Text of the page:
When they teach you things in school they never tell you why they’re going to be useful. I think this is a failing. I mean, I was the kind of kid who generally speaking liked school, and was never particularly averse to learning things just because, but even I might have been more enthusiastic about certain subjects if they’d been prefaced with some kind of practical application.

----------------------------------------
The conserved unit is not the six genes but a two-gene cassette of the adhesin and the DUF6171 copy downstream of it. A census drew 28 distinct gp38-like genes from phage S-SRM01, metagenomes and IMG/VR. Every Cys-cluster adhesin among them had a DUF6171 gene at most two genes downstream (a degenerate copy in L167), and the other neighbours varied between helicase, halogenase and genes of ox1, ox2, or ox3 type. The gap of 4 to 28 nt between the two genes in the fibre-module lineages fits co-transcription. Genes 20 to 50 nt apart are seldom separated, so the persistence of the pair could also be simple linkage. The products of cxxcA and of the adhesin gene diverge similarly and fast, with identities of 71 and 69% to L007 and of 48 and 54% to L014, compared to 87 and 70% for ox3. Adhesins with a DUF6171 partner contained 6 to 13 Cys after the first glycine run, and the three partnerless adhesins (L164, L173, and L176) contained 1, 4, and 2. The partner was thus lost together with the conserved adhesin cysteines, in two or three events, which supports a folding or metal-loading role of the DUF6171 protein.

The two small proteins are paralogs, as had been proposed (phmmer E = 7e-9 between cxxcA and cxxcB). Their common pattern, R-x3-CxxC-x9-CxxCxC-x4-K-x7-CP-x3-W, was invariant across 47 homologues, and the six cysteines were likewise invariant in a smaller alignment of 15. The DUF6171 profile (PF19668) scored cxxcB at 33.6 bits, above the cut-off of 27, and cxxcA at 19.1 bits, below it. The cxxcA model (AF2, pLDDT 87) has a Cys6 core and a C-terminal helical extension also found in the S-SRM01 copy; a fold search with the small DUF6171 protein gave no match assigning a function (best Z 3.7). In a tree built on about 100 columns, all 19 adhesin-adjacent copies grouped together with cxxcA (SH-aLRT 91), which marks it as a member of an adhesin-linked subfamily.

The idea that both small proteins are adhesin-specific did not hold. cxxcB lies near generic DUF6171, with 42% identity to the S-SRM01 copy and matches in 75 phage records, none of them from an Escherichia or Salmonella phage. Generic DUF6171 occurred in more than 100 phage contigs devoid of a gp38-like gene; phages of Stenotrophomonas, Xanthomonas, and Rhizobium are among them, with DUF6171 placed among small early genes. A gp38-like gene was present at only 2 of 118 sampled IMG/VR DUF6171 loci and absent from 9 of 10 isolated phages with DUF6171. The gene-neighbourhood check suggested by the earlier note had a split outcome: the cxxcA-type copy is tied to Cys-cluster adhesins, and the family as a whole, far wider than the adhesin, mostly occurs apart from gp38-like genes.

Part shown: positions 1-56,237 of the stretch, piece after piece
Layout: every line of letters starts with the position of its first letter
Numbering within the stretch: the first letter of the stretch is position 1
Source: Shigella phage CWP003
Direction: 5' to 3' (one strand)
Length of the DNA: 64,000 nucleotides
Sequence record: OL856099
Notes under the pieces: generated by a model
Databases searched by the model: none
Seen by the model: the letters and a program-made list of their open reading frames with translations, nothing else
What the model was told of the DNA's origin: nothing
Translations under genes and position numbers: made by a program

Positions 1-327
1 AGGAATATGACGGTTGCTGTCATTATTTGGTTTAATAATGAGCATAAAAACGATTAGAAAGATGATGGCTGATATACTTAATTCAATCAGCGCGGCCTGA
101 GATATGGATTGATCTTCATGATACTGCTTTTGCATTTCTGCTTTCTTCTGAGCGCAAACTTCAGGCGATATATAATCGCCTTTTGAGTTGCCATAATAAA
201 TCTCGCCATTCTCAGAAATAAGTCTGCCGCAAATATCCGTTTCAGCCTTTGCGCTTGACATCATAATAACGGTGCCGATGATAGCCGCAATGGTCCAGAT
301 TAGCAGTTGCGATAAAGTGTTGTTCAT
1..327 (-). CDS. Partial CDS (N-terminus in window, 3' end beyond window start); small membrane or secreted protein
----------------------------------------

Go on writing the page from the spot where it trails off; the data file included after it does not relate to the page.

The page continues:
Granted, I never needed a real world application for learning about post Enlightenment revolutions in Eastern Europe or reading Jane Austen. This is probably a good thing because I’m not sure that 10th grade me would have been convinced by the argument that I would desperately need to know 19th C European geography in order to read a newspaper one day. I might have been on board with the idea that learning how to parse an English text would stand me in good stead for critical readings of Ethan Allen commercials and the problematic racial narratives of wildly lucrative, if not very good, movies in later years. Then again in 9th grade I didn’t pepper my conversation with words like agency, heteronormative and paradigm, so maybe not. I did, however, use words like parse, because see above about being that kind of kid. Read the rest of this entry ?